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San Antonio: Courage, creativity and a community commitment to no-kill

San Antonio Animal Care Services (ACS) achieved an 83% live release rate (LRR) in March of 2013. Not only that, but for the first three months of calendar year 2013, ACS is averaging an LRR of over 80%! Not bad for a city that in 2011 was operating at about a 32% LRR. As a point of reference, the accepted threshold for a no-kill community is a 90% LRR of all animals entering a given community’s shelter system.

When Best Friends partnered with San Antonio Pets Alive (SAPA) in late 2011 to fund SAPA’s new engagement to manage the adoption/live release component of San Antonio’s animal shelter, that city had been following an official strategic plan to achieve no-kill for several years. In 2006, then-Mayor Phil Hardberger had challenged the city to dramatically reduce the number of animals entering and being killed by their Animal Care Services department. At that time, the city was killing 50,000 homeless pets per year – the third highest number in the country.

It was a bold and ambitious statement and a serious one. Before long, the Animal Care Advisory Board — the body that oversees ACS — had developed a no-kill strategic plan. The San Antonio Area Foundation, a local organization that makes grants from funds established by individuals, families, businesses, and so on to support charitable causes in the community, jumped on board with funding for spay/neuter and adoptions and helped create an umbrella organization for local rescues to promote pet adoption.

By 2011, things were coming together in the community, but the shelter still had serious problems as indicated by a 32% LRR. Looking to the northeast, city leaders saw a light and hope in Austin where Austin Pets Alive, under the leadership of Dr. Ellen Jefferson, was providing the essential partner for Austin to achieve no-kill. They reached out to Ellen — a woman who has never seen an animal problem that she didn’t believe she could solve. In late 2011, Ellen approached Best Friends about her ideas for turning San Antonio around, and we agreed to support her efforts to the tune of an initial grant of $300,000, which was later expanded to a total investment of $450,000 for 2012 in a shared vision of a no-kill San Antonio.

The city, however, still had unaddressed animal issues, including a community cat problem that was contributing to shelter intake numbers and the needless killing of feral cats, which are not adoptable as household pets and really have no future once they enter any shelter system.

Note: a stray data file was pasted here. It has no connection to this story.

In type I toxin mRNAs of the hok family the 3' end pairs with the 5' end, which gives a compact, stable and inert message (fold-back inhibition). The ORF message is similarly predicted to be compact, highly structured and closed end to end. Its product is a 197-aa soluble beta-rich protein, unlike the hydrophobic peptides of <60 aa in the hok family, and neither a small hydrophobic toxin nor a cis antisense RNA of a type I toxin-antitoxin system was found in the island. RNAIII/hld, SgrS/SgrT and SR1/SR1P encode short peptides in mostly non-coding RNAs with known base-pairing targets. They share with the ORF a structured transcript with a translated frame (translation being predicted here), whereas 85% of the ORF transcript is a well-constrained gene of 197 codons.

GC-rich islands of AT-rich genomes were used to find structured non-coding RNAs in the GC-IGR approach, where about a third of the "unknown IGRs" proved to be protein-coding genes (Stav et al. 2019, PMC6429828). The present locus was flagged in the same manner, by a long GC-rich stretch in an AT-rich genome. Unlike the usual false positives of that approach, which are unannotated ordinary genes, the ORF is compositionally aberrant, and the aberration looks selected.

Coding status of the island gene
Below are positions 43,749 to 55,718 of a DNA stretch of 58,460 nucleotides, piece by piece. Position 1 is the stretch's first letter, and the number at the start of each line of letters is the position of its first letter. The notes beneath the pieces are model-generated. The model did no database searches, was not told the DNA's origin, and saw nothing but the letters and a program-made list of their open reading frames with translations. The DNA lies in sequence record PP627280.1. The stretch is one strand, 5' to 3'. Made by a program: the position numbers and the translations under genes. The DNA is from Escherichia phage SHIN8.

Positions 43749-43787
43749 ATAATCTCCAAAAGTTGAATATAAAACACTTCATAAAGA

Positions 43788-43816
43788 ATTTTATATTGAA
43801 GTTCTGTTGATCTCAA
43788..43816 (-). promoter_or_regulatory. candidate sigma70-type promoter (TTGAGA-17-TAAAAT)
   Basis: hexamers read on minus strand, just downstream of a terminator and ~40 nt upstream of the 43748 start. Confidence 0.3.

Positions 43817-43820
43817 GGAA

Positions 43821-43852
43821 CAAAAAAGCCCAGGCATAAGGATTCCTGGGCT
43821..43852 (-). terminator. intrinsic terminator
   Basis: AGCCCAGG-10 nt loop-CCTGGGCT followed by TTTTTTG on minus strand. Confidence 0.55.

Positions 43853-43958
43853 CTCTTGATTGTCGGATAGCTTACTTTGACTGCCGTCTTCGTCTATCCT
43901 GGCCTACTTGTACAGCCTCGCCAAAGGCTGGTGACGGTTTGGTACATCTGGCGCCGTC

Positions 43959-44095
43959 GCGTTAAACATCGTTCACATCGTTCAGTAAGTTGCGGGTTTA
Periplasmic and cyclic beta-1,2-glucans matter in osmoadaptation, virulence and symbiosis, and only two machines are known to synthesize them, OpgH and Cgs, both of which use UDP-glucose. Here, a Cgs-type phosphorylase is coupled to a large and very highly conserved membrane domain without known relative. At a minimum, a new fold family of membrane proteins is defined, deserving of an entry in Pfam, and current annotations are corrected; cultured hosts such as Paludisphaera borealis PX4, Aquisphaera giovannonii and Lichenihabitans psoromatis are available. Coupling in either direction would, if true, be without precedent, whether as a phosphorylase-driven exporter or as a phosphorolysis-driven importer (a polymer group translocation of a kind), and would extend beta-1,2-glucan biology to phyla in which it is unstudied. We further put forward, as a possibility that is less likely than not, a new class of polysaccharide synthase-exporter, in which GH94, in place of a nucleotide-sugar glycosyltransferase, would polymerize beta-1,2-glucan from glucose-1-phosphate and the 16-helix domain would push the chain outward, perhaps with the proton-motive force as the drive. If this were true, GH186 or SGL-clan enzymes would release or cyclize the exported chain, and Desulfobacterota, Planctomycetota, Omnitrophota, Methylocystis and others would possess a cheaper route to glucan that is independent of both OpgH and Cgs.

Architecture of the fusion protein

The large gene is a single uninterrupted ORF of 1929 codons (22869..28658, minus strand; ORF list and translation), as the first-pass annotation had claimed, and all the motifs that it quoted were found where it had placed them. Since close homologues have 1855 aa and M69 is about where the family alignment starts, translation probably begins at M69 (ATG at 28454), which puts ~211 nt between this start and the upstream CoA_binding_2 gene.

Within a few months, Best Friends expanded our role in helping solve the San Antonio no-kill puzzle by bringing in yet another partner. In May of 2012, Best Friends was awarded a PetSmart Charities® grant to develop and manage community cat programs in San Antonio and Albuquerque. The impact of the Petsmart Charities/Best Friends partnership on San Antonio shelter animals has been profound. The San Antonio community cat program involves combined funding of nearly $1,000,000 over three years to build out a trap/neuter/return (TNR) program that is integrated with the city shelter. In 2012, the work saved 1,000 cats that would have previously been killed that were fixed and returned to their colonies. Additionally, 4,000 cats were fixed in the areas where those cats were initially picked up. The program includes community engagement and has tremendous support from residents. In 2013, the community cat program is targeting 4,000 TNR procedures, and the Best Friends grant to San Antonio Pets Alive has been raised to $550,000.

San Antonio is the seventh most populous city in the country, and we are pleased and privileged to be an integral part of an extensive community effort that is saving lives and has the city well on the way to no-kill. Kudos all around and a tip of the hat to Phil Hardberger.

For those who may be interested, there are community cat volunteer opportunities in San Antonio and Albuquerque.
Gregory Castle, CEO emeritus, Best Friends Animal Society Gregory Castle
CEO emeritus
Best Friends Animal Society